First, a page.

So lets have a thought experiment. Lets says the next version of the Pi uses one of these chips. The RPF is now reliant on these suppliers for technical support. These suppliers (and indeed suppliers of all SoC's) are notoriously bad at support, so the platform is unstable, and takes weeks or months to get fixes because the very experienced with VC4 engineers at RPF have no idea how these new chips work. Not only that, but all userland software aimed at the Pi that used to run on all previous models of Pi now no longer works. So for example Raspistill and all the camera stuff no longer works. The GPIO system has subtle differences that means some things work, but others don't. Our market fragments, we still need to support the existing 13M installed base, so our engineers are still working on the VC4, but we are getting endless support calls for the new chips Raspberry Pi4, which we are handing off to the SoC supplier because we have no in house expertise. The supplier doesn't give a damn, because the volume involved simply cannot pay for extensive support, so fixes are few and far between. The Pi name turns to mud because our product doesn't work properly, all the 3rd party HAT's don't work, and people are having to rewrite their software for the new platform.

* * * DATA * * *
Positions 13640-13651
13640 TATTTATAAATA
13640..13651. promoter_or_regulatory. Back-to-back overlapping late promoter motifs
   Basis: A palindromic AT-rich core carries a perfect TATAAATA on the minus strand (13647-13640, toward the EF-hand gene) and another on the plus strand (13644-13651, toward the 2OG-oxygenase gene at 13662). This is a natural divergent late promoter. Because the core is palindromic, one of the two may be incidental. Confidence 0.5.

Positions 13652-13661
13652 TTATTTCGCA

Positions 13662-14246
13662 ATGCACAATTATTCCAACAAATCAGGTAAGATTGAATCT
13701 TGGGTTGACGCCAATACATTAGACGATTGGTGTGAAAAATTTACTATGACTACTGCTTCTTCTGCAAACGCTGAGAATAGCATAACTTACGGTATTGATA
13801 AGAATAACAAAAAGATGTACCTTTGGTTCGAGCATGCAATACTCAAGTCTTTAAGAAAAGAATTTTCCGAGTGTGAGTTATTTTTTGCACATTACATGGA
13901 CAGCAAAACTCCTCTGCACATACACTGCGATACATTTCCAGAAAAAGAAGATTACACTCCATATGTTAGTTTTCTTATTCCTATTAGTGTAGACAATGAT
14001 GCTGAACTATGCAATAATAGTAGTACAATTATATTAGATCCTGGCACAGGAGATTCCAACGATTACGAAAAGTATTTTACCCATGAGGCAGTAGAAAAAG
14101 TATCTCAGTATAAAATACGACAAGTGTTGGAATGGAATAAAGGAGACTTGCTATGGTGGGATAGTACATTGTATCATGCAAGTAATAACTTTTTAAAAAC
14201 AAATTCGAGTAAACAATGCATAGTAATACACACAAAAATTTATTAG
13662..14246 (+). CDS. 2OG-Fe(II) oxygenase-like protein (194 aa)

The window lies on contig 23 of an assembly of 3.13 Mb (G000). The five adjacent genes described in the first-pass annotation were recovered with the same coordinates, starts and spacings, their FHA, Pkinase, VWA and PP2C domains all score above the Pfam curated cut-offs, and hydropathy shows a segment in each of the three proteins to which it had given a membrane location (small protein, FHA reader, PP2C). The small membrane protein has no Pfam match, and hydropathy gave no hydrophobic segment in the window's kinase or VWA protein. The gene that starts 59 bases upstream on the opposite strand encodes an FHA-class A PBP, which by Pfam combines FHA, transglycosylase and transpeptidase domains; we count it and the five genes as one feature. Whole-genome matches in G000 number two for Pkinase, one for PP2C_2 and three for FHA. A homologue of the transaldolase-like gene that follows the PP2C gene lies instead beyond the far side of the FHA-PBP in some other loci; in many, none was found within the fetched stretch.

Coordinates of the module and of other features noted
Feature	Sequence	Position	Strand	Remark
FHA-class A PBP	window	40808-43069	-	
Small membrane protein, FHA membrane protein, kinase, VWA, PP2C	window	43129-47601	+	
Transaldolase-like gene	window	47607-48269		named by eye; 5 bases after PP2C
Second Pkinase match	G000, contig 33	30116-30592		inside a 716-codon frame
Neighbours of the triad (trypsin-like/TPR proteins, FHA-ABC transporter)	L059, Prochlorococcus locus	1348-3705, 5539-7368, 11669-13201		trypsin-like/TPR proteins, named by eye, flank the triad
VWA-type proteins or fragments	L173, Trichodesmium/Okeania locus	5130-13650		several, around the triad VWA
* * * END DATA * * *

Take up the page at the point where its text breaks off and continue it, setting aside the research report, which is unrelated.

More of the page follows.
People underestimate the amount of pain to move to a new CPU architecture, and how important backwards compatibility is for this market, and how support can make or break a product. At the RPF, right now, we have lots of engineers who worked on the VC4, which means we don't actually need any support from the SoC supplier. But we still have a great relationship with that supplier which is worth its weight in gold for future plans.
Which do YOU think is the best approach?
Sound like a plan to me, do you guys hire ?jamesh wrote:... we are just going to sit back, relax, chill, drink beer and just watch the money flow in?
"Surprising" would to me be something unexpected, thought unlikely to be done or to be unachievable, an impressive feat to have done it.gtechn wrote:What could be "very surprising"? Obviously, if it is coming in 2019, it is probably a new piece of silicon, or... a modified one. And by a modified one, I mean a modified VideoCore...